Q. Has the U.S. Equal Employment Opportunity Commission (EEOC) issued any recent guidance regarding employers’ use of artificial intelligence (AI)?

A. Yes. On May 18, the EEOC released new guidelines, explaining how employers’ use of AI could trigger a federal employment law violation. This development makes the government’s position clear: Employers using AI in the workplace run the risk of violating antidiscrimination law — specifically, Title VII of the Civil Rights Act of 1964.

It goes without saying that AI is a major buzzword today, and with good reason. The growing technology promises increased ease, speed, and productivity in the employment space. But to ensure compliance with antidiscrimination law, employers need to take measures to ensure their AI doesn’t run afoul of Title VII.

This is not the first time the EEOC has issued AI-related guidance.

On May 12, 2022, the EEOC released guidance, identifying several ways where an employer’s AI use may run afoul of the Americans with Disabilities Act (ADA). Here are some things to avoid, according to the EEOC:

  • AI-driven “screen outs” that affect disabled employees or applicants — even if a vendor has marketed the algorithmic tool as “bias free.” In other words, employers are still on the hook for a vendor’s mistake if its AI violates the ADA.
  • A lack of reasonable accommodations for employees and applicants being evaluated with AI tools.
  • Disability-related questions or medical examinations prior to a conditional offer of employment.

The EEOC’s new guidance does not focus on the ADA. Rather, it provides insight into how the EEOC interprets whether an employer’s selection procedures have a disparate impact under Title VII.

When might an employer’s use of AI technology have a disparate impact on a protected class in violation of Title VII?

An employment decision violates Title VII under a disparate impact theory when it disproportionately excludes protected individuals via facially neutral processes.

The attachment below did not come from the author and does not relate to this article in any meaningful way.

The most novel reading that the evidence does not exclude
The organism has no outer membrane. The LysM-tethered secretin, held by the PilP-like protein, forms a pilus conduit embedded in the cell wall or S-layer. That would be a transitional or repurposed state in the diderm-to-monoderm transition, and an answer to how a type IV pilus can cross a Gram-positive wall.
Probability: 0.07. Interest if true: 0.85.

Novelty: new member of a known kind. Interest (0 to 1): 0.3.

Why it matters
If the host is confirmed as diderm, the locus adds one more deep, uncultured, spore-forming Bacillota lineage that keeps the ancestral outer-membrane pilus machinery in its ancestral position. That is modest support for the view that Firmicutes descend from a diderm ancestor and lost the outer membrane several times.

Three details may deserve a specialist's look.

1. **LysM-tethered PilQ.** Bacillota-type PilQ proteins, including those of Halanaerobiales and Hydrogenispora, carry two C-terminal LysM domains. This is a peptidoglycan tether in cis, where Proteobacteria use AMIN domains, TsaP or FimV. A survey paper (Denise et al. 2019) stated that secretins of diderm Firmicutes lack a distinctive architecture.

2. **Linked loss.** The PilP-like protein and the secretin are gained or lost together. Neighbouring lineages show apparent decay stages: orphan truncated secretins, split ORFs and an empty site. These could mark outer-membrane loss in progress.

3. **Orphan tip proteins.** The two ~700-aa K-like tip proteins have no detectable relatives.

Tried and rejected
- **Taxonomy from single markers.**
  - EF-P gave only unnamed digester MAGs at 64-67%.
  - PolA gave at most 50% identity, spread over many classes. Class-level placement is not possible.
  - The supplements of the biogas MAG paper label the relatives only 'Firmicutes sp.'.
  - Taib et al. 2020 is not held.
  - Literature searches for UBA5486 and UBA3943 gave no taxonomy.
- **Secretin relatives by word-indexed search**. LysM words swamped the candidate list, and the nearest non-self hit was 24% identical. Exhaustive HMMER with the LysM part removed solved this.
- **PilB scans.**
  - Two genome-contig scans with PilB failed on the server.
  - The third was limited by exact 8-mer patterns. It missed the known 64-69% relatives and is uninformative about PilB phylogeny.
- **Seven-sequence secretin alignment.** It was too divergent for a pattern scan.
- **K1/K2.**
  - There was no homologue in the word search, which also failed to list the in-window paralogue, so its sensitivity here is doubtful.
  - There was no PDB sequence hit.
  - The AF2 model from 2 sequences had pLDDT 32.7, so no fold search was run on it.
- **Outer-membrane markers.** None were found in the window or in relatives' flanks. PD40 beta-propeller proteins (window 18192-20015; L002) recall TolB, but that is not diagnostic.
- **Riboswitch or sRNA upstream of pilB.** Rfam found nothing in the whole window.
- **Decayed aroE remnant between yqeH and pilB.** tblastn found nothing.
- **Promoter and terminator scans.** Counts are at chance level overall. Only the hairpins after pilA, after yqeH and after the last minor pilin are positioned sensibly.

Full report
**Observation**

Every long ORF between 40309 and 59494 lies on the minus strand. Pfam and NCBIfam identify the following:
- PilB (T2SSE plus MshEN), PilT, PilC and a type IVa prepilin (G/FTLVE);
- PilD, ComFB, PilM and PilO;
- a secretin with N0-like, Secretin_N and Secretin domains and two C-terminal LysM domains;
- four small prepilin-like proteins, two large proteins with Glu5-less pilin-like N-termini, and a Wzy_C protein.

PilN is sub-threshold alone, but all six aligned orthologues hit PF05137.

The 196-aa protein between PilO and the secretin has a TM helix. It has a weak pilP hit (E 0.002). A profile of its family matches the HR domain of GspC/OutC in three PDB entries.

While the EEOC made it clear that not all AI technology is inherently unlawful, it suggested that it will be increasingly watchful of the following employment-related tools:

  • Resume scanners that prioritize applicants with certain key words.
  • Employee monitoring software that counts keystrokes or other factors and rates employees.
  • Virtual assistants or chatbots that interact with job candidates and reject those without certain qualifications or requirements.
  • Video interview software that evaluates candidates’ facial expressions and speech patterns.
  • Employment testing software that generates “job fit” scores from factors like personality, aptitudes, cognitive skills, or perceived “cultural fit.”

The EEOC also noted that its Uniform Guidelines on Employee Section Procedures — a decade-long regulatory framework — applies to AI-driven hiring, promoting, and firing in the workplace. In other words, AI that causes a selection rate for individuals in the protected group that is ‘substantially’ less than the selection rate for individuals in another group” will be evaluated under the guidelines.

Key Takeaways for Employers

  • Employers will be held responsible for Title VII violations caused by third-party AI software vendors. The EEOC recommends that employers reach out to their AI vendor to determine whether measures have been taken to avoid any disparate impact.
  • The EEOC’s demonstrated interest in preventing AI-driven employment discrimination is not going anywhere. Again, this newly released guidance comes on the heels of another EEOC document released last year, explaining how employers’ use of AI can run afoul of the ADA. The agency’s concerns have only become more apparent and should not be ignored.
  • Companies should perform ongoing assessments of their AI tools to ensure legal compliance.

More on Artificial Intelligence + the Future of Law

Anna Cincotta, a 2023 summer associate with Troutman Pepper, is a co-author of this blog post. Anna is not admitted to practice law in any jurisdiction.